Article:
This project started by Seth Kunin will give you an overview of Santa Barbara County. This county contains multiple AVA’s (American viticulture Areas), which differentiate climate and soils within wine growing areas. The beautiful Elkpen chalk mural that spans the entire wall behind the tasting room bar will give you an overview and the pourers are there to discuss the differences in the wines and areas with you. Expect them to pull out soil samples to show you.

Super quick tutorial on Santa Barbara County

Santa Barbara lies in a unique area that separated from the plates along the coast. Over the past twelve million years this little section shifted and created a Transverse valley. This means that the valley here runs east west as opposed to north south like all the other valleys on our coast. The transverse valley and the microclimates within it led to a place where you can grow an amazing variety of grapes in a relatively small area. On the western edge the valley is cool and is perfect for growing Pinot Noir and Chardonnay. As you move east the valley warms by a degree a mile! This makes the middle section perfect for Rhone varieties like Grenache, Syrah, Mourvedre and Roussanne and as you continue to the east side where Happy Canyon lies, you have enough heat to support those Bordeaux varieties like Cabernet Sauvignon, Cabernet Franc, Merlot, Petit Verdot, Malbec and Sauvignon Blanc. Read more about it in The varied and amazing wines and wineries of Santa Barbara County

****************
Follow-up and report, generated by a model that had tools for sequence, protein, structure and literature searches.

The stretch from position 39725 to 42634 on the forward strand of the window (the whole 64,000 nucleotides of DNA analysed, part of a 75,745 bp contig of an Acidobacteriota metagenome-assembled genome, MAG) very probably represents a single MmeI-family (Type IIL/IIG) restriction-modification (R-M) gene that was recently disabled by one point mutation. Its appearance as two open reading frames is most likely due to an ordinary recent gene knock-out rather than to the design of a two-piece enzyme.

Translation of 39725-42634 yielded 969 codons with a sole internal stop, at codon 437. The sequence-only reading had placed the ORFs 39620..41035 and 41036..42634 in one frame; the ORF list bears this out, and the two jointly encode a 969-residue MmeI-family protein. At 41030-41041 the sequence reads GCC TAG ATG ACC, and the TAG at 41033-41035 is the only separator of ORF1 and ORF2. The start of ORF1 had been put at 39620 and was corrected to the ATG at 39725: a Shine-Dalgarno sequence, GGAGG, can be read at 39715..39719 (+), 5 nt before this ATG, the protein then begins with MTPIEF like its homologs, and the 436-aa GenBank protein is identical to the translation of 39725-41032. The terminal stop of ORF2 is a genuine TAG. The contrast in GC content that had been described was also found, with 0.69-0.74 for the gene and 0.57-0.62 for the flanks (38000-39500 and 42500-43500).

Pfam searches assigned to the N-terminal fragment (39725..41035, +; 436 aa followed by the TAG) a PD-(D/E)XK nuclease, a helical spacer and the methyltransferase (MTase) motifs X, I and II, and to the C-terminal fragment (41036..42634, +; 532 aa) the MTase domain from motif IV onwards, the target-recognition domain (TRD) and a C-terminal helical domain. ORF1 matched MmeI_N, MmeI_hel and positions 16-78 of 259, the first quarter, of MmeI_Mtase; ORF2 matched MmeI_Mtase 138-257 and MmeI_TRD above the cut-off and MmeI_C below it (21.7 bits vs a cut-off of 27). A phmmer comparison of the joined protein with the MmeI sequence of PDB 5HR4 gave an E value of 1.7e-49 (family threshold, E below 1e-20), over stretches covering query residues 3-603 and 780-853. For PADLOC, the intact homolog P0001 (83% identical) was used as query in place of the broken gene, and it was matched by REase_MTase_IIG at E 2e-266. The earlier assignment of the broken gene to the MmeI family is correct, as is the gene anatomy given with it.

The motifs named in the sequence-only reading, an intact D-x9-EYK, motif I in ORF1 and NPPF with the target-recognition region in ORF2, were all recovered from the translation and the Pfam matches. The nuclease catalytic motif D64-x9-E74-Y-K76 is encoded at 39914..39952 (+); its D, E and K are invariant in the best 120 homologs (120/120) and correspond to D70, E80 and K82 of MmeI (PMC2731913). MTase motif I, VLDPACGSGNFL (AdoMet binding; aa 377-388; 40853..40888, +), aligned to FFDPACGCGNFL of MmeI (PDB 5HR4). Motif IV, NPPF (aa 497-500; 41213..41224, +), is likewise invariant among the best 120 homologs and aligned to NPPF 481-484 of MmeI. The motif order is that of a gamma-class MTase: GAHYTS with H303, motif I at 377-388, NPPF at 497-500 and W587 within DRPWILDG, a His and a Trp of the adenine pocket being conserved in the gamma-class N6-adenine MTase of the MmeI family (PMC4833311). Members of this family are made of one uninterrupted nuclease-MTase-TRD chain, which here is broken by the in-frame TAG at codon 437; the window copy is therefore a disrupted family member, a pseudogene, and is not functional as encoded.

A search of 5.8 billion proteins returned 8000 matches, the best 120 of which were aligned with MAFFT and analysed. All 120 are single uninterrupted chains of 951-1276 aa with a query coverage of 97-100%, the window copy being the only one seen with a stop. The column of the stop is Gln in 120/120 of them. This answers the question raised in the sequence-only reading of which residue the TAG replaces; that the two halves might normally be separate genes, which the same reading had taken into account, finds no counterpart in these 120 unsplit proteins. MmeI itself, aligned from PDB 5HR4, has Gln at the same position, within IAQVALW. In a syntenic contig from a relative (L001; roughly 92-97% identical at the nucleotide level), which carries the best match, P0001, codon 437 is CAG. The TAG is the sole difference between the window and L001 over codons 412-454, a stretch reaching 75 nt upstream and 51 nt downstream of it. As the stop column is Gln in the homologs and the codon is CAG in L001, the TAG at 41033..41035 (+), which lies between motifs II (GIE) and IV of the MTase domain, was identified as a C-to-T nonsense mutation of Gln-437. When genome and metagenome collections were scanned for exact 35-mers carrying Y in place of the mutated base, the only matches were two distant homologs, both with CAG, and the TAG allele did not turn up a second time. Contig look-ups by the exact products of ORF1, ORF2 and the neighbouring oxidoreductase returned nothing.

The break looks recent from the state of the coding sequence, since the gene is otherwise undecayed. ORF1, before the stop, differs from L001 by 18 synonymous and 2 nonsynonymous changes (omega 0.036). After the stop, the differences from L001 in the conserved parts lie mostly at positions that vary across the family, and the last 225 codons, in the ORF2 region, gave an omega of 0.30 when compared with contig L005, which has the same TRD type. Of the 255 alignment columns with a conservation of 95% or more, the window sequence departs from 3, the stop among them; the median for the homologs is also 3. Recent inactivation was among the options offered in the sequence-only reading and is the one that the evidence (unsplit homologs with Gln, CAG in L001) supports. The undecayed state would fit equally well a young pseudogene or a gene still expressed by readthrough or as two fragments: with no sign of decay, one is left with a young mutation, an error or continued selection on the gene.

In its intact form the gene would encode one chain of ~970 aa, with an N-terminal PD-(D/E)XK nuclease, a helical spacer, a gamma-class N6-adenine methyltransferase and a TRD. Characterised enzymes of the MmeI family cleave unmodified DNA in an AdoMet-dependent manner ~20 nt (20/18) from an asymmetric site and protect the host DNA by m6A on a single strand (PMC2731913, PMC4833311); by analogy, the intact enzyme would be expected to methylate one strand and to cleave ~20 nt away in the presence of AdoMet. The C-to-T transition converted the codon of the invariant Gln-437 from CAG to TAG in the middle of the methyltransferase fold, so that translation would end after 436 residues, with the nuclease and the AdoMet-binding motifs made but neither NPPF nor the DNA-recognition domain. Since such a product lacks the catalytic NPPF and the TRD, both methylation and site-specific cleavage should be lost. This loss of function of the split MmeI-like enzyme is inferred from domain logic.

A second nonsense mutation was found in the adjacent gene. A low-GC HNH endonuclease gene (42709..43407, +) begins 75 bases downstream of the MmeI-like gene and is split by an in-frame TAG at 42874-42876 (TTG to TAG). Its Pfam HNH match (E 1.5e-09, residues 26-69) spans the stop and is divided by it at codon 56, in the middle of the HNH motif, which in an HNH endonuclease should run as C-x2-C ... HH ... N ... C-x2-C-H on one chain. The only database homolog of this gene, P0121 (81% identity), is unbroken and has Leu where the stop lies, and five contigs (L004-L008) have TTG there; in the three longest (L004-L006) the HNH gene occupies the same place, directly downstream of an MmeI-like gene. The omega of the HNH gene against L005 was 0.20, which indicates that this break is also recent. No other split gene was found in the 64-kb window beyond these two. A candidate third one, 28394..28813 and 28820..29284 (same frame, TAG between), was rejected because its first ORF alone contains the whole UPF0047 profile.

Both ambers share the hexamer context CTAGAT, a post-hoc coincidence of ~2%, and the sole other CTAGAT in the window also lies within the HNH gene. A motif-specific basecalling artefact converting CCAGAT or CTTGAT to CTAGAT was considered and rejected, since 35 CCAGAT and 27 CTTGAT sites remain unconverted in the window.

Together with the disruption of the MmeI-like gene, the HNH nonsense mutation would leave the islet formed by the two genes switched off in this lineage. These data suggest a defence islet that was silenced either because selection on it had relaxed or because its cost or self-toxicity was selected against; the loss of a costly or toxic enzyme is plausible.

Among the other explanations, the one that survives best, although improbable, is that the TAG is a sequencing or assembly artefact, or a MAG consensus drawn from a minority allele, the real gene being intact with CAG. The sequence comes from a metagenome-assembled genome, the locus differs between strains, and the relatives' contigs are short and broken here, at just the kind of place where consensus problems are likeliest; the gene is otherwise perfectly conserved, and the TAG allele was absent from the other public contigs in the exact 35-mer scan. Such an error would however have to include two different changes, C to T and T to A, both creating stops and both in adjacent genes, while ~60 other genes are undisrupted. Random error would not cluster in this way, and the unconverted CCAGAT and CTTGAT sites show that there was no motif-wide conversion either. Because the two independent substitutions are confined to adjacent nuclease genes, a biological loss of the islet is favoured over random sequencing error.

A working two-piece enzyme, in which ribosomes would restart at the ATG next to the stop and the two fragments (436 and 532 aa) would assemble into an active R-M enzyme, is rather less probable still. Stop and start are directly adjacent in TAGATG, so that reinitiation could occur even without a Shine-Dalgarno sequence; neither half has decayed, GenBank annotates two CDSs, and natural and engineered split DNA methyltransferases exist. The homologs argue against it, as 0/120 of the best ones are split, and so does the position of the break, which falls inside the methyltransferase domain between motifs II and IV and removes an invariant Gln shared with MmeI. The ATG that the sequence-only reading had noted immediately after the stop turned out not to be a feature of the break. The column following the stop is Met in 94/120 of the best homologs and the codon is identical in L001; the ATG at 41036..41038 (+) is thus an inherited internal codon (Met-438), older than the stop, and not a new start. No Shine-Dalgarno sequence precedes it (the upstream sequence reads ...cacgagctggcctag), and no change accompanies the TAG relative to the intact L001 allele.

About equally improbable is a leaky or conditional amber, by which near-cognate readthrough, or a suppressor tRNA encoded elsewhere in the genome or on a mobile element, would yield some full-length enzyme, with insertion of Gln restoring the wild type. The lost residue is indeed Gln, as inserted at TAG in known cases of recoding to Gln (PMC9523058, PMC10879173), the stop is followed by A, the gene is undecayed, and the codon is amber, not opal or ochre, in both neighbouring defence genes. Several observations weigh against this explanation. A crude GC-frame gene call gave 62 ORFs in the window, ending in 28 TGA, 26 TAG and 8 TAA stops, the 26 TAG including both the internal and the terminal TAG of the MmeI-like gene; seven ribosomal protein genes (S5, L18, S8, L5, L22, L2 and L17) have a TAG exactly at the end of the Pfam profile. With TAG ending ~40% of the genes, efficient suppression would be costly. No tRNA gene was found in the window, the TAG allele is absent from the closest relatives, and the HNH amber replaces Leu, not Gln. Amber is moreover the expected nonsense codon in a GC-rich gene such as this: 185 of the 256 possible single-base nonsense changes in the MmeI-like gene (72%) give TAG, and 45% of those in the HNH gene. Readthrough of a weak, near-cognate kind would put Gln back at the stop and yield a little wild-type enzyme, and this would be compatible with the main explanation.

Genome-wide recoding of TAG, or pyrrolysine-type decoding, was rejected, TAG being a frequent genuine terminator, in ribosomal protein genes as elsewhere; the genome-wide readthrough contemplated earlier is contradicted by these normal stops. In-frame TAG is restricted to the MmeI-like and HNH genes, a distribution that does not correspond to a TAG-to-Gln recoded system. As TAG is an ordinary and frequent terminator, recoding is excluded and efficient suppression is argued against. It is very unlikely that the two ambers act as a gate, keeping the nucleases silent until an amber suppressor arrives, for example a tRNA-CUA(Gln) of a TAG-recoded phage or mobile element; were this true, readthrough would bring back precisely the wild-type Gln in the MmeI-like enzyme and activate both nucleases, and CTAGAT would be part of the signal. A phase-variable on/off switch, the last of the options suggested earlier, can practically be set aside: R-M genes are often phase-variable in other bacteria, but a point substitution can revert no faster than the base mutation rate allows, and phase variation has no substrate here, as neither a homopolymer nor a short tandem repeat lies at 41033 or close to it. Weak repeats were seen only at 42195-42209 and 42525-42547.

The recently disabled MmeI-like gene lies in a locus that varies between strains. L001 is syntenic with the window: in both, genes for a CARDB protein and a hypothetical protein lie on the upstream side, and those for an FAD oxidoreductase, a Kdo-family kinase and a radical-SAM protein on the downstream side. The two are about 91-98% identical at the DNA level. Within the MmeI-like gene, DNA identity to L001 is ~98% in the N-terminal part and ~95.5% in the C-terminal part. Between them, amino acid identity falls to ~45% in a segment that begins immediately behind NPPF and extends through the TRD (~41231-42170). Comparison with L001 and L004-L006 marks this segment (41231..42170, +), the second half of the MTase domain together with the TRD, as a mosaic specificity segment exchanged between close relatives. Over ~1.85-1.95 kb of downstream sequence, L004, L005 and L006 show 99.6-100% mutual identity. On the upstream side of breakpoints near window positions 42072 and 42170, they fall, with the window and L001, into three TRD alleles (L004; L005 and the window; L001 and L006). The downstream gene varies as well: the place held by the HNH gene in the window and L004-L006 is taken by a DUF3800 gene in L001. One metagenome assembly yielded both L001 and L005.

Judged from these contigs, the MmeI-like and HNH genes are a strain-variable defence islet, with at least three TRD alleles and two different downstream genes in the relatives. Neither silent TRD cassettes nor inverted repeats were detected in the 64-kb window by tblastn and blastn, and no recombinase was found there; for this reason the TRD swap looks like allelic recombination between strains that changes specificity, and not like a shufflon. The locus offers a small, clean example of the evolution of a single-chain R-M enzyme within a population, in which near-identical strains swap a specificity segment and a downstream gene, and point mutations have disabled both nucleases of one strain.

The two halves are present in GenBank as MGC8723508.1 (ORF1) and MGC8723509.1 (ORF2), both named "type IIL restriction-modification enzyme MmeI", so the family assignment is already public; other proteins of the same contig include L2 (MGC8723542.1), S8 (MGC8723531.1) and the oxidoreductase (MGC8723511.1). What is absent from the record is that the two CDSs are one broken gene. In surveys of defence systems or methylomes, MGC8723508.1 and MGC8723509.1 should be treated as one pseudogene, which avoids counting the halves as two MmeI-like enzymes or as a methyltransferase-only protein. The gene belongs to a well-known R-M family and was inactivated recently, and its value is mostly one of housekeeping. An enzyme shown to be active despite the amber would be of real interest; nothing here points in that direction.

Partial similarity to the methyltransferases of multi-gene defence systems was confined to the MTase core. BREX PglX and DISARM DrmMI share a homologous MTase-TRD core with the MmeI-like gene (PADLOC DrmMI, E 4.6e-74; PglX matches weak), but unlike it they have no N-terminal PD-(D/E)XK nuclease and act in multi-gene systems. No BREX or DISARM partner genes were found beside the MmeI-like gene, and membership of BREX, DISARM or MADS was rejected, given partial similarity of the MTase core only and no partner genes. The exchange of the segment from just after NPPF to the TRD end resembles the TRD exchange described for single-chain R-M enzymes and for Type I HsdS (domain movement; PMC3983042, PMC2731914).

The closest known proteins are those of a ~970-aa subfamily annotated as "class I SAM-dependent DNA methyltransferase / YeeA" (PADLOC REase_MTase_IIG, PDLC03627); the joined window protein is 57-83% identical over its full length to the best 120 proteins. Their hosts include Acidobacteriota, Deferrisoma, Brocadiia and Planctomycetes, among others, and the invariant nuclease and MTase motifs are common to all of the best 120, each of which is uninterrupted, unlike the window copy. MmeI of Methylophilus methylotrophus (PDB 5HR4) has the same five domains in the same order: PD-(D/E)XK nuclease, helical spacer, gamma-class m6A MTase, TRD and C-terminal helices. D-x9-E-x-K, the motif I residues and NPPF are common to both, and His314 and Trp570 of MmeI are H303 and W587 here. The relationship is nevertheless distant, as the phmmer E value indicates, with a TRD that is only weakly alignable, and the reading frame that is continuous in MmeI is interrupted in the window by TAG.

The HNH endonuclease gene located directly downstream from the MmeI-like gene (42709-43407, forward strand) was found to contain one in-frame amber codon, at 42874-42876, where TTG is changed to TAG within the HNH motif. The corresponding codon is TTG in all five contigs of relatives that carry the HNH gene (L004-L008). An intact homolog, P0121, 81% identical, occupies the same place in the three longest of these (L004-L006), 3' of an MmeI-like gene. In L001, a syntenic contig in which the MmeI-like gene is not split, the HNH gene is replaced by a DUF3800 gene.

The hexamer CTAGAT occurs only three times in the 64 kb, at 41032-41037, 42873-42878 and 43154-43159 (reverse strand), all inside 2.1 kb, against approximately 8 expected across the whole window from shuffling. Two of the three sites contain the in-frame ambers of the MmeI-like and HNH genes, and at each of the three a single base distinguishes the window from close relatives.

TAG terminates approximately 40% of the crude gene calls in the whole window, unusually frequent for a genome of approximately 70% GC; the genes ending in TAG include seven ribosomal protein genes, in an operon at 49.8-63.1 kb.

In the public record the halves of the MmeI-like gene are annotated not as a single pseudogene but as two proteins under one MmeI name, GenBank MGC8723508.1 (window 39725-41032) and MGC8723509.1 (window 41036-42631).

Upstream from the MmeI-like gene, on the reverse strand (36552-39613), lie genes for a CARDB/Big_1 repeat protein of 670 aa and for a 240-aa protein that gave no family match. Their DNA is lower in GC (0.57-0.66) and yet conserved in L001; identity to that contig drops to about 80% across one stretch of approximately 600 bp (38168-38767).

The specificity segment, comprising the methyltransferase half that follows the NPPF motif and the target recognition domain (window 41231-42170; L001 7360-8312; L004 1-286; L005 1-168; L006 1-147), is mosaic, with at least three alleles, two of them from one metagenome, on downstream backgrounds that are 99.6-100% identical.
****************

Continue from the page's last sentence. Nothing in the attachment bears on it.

The Funk Zone and Urban Wine Trail

So now that you are armed with a little background, you can decide where to go next. The Funk Zone is home to lots of little urban tasting rooms. If you are looking to just hang and drink wine and enjoy the sunset in a set of board shorts barefoot, you can march right down to Municipal Winemakers . The funky laid back atmosphere here is ultra relaxing. If this is your style, you can check out our article Municipal Winemakers and the “Funk Zone” wineries

Wine Collection of El Paseo